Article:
On the physical property side we chose to use the key characteristics of our top-performing, modified zinc-based inhibitors. We employed a spherical morphology particle shape, a very fine mean particle size (avg. 1.0 µ) and a narrow particle size distribution range that includes a very controlled percentage of nano particles (Figure 5). Our past research shows that this combination of physical properties provides ease of dispersability, excellent thin-film performance, and optimum pigment packing properties that synergistically enhanced the anti-corrosion performance.

Test Results

Figure 5 Click to enlarge

Finally, after screening over 250 experimental offerings and testing over 2,000+ test panels, we found the mixed metal calcium-strontium phosphate complex deposited on a silicate core provided the best overall performance (Appendix, Figure 10-13). We also discovered an organo-modified version of this same complex produced some additional advantages in the area of film formation, adhesion promotion, and substrate wetting (Appendix, Figures 14-18).

The basic formula for these products is shown in Figure 6. Both experimental prototypes, 301 and 302, provided excellent direct anodic inhibition from the combination of the calcium and strontium cations, but also provided good cathodic inhibition due to the basicity/alkalinity of the silica core. Its basic nature reduces the amount of oxygen needed to passivate the formation of rust.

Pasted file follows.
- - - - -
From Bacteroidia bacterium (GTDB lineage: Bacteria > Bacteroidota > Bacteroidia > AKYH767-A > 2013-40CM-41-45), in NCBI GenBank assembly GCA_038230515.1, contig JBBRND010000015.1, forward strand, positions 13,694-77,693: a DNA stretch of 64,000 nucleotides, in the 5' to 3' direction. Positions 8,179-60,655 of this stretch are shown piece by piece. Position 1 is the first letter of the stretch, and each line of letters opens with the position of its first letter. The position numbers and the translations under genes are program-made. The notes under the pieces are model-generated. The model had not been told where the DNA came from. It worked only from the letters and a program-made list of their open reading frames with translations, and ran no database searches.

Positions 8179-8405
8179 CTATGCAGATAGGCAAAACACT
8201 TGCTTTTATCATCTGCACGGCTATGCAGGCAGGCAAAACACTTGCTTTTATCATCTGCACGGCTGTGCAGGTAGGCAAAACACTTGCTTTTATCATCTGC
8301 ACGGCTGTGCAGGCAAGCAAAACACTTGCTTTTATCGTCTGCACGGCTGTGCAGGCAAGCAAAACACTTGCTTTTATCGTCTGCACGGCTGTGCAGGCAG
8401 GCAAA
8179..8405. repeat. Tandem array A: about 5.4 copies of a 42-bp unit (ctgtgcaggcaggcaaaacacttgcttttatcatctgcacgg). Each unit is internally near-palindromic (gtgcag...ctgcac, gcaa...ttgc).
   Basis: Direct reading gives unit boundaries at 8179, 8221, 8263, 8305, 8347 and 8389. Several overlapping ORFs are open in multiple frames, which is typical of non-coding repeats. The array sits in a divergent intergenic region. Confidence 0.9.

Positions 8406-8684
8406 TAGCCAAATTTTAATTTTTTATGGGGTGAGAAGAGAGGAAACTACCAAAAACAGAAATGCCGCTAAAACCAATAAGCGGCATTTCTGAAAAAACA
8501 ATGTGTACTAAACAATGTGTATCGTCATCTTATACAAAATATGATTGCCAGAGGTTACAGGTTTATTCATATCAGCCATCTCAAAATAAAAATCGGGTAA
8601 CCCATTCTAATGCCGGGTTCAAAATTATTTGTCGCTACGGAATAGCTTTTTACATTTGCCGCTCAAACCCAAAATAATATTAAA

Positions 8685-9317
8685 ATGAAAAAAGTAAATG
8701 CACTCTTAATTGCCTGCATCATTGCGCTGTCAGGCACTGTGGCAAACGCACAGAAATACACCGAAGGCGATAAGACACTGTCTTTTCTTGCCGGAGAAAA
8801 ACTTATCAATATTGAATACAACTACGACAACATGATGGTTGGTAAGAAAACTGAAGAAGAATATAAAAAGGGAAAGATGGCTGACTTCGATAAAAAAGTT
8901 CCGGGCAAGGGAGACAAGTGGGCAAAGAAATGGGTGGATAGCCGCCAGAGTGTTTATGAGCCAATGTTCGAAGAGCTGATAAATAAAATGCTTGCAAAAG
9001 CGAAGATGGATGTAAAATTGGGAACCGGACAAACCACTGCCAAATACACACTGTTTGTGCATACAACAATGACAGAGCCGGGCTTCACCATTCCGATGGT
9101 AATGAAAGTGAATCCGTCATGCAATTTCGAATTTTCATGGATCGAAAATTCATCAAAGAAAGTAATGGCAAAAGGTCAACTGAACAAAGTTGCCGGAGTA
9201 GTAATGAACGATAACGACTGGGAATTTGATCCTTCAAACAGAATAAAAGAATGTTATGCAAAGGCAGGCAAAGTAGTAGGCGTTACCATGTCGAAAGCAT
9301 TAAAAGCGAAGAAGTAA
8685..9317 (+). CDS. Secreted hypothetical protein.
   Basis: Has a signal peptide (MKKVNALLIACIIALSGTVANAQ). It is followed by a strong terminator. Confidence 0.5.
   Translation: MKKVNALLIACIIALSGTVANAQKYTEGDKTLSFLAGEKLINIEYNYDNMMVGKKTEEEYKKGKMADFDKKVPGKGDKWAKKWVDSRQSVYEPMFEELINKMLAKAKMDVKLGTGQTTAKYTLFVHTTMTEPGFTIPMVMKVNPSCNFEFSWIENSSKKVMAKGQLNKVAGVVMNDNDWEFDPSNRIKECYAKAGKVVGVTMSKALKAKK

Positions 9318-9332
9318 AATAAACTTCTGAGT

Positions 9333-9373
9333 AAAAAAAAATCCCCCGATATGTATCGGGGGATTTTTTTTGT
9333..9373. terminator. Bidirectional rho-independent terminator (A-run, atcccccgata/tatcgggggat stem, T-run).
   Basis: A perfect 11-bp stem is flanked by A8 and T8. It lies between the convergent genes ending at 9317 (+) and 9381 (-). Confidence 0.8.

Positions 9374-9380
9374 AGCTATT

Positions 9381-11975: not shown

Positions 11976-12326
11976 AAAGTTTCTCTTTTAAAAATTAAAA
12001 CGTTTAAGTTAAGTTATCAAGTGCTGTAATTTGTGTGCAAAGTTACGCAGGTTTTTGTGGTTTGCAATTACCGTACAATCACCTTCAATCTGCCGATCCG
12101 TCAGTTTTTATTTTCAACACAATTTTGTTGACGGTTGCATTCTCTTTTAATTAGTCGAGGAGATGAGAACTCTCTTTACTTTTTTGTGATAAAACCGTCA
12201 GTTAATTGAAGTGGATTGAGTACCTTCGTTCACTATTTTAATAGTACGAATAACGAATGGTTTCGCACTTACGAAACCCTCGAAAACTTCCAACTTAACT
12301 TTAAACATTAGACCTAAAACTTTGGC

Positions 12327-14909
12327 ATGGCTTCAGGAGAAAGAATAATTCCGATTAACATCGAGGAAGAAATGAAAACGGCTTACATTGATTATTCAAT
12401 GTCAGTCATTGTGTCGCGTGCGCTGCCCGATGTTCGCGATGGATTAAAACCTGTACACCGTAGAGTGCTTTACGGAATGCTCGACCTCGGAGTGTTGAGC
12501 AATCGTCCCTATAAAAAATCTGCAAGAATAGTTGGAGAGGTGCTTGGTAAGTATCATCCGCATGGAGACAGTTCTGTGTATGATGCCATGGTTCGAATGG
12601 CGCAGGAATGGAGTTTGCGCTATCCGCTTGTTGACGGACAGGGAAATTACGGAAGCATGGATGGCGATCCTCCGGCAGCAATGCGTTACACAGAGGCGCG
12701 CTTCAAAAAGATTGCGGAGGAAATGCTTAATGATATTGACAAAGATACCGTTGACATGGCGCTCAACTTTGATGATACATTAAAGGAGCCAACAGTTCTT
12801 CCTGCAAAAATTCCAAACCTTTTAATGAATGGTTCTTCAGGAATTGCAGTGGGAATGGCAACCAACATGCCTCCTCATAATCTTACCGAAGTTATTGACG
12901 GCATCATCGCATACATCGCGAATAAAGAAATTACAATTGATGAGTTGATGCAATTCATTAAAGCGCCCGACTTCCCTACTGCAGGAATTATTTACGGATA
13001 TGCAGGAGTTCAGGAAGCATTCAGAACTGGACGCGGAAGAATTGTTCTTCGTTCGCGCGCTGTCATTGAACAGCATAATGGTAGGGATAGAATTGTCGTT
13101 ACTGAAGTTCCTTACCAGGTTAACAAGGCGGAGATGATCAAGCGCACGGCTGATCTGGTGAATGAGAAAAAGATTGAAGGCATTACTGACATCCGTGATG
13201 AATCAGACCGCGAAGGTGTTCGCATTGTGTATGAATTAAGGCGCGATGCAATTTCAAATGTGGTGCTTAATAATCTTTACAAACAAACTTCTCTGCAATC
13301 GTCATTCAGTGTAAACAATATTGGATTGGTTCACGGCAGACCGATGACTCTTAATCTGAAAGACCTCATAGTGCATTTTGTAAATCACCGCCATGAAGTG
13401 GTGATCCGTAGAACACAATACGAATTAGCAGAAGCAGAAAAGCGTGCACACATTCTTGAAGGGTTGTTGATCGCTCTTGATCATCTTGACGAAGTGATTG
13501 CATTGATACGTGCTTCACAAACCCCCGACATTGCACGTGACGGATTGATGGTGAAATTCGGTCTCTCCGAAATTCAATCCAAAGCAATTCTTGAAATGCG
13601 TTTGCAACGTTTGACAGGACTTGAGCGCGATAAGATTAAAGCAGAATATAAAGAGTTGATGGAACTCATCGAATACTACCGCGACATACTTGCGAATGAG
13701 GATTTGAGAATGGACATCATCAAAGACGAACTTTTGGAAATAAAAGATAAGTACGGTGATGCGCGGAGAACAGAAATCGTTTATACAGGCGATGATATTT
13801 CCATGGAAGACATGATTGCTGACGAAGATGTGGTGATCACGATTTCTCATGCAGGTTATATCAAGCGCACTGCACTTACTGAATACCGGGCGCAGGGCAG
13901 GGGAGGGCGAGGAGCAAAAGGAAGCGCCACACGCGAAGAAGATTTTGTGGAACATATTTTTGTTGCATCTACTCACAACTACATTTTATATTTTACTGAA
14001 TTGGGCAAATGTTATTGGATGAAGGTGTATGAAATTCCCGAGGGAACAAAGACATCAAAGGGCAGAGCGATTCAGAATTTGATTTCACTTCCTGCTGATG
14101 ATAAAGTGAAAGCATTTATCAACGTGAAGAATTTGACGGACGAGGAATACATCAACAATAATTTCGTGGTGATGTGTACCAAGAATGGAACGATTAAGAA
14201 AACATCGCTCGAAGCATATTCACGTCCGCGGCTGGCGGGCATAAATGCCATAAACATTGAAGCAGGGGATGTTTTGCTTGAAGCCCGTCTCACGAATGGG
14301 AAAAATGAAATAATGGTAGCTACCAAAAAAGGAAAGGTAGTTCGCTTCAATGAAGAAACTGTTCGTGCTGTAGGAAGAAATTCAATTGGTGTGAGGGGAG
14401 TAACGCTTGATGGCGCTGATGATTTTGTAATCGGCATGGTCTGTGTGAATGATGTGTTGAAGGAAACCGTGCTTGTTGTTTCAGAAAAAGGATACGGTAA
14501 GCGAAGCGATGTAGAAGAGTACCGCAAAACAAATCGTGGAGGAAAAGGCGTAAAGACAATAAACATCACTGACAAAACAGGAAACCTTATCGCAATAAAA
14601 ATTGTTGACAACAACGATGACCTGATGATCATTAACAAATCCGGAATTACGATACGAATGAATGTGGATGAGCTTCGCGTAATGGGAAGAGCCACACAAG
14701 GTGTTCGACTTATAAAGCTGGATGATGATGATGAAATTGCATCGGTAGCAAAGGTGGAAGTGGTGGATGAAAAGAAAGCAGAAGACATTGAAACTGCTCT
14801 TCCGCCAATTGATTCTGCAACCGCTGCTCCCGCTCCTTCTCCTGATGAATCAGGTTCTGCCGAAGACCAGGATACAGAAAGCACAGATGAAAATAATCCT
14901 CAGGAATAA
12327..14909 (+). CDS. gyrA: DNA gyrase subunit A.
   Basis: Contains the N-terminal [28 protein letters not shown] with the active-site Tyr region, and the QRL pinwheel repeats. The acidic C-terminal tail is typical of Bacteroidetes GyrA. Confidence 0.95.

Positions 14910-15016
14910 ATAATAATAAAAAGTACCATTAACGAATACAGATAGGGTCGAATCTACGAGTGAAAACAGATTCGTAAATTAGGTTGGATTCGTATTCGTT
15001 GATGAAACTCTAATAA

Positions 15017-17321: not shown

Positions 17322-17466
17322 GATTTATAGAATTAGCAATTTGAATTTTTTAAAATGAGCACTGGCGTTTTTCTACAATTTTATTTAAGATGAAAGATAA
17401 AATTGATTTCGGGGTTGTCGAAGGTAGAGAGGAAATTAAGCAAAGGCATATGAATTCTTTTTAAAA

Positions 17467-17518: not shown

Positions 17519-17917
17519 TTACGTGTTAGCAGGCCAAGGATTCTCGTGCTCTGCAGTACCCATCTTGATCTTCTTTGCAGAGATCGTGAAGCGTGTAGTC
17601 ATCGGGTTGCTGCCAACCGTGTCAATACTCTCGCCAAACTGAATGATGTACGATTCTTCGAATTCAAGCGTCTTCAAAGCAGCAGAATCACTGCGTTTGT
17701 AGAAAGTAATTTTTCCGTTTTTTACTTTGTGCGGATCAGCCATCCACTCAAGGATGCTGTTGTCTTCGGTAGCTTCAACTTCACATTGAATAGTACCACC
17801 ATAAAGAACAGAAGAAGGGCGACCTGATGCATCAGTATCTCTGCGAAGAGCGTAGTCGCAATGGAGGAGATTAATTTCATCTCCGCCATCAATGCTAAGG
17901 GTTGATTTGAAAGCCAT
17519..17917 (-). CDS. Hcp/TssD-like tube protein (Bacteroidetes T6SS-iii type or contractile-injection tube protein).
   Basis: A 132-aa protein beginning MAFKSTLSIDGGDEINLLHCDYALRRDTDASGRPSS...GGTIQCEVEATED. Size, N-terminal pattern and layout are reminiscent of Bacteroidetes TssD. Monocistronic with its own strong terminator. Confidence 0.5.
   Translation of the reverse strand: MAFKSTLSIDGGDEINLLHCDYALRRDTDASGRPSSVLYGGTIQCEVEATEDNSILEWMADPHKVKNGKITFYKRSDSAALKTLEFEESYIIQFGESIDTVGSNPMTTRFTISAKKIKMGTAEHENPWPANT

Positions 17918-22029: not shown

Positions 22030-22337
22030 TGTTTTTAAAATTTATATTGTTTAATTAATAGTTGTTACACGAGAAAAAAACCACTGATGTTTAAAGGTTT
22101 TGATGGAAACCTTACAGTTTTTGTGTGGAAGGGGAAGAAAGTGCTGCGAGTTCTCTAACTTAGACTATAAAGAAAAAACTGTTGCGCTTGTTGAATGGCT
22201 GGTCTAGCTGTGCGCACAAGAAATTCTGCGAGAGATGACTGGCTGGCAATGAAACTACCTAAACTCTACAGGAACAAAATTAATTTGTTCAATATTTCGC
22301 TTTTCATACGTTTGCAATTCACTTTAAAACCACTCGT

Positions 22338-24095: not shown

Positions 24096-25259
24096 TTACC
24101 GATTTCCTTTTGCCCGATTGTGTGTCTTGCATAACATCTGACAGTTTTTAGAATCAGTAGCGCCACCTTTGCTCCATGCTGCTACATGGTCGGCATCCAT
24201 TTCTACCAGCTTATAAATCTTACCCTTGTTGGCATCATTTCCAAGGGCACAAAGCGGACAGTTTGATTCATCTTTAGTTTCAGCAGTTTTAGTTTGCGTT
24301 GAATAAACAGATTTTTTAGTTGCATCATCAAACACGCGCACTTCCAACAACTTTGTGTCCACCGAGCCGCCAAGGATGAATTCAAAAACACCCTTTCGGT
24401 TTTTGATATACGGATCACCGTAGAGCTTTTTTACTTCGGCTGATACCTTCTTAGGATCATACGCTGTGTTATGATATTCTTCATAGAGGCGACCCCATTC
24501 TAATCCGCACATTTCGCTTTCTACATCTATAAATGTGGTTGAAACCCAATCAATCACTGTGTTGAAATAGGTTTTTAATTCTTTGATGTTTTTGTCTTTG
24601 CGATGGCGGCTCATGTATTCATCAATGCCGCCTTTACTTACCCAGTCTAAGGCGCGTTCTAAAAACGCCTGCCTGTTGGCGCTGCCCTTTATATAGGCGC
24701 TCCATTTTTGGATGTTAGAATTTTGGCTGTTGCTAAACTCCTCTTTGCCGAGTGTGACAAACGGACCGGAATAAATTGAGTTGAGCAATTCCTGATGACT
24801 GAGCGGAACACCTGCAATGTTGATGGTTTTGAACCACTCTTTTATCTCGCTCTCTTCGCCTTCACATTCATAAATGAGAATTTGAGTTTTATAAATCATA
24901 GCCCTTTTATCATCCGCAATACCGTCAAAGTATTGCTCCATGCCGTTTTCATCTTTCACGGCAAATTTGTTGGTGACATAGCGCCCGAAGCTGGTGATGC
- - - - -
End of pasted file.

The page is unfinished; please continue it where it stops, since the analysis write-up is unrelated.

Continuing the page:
Figure 6 Click to enlarge 

The organic surface treatment used in prototype 302 showed improved mechanical properties in terms of better wetting in organic systems without decreasing its performance in waterborne systems, reduced pigment – binder interface, which makes the flow of water and electrolytes through the organic coating difficult and at the same time protects the pigment making it more inert when reactive resins or those with high acid values are used.

Table 1 Click to enlarge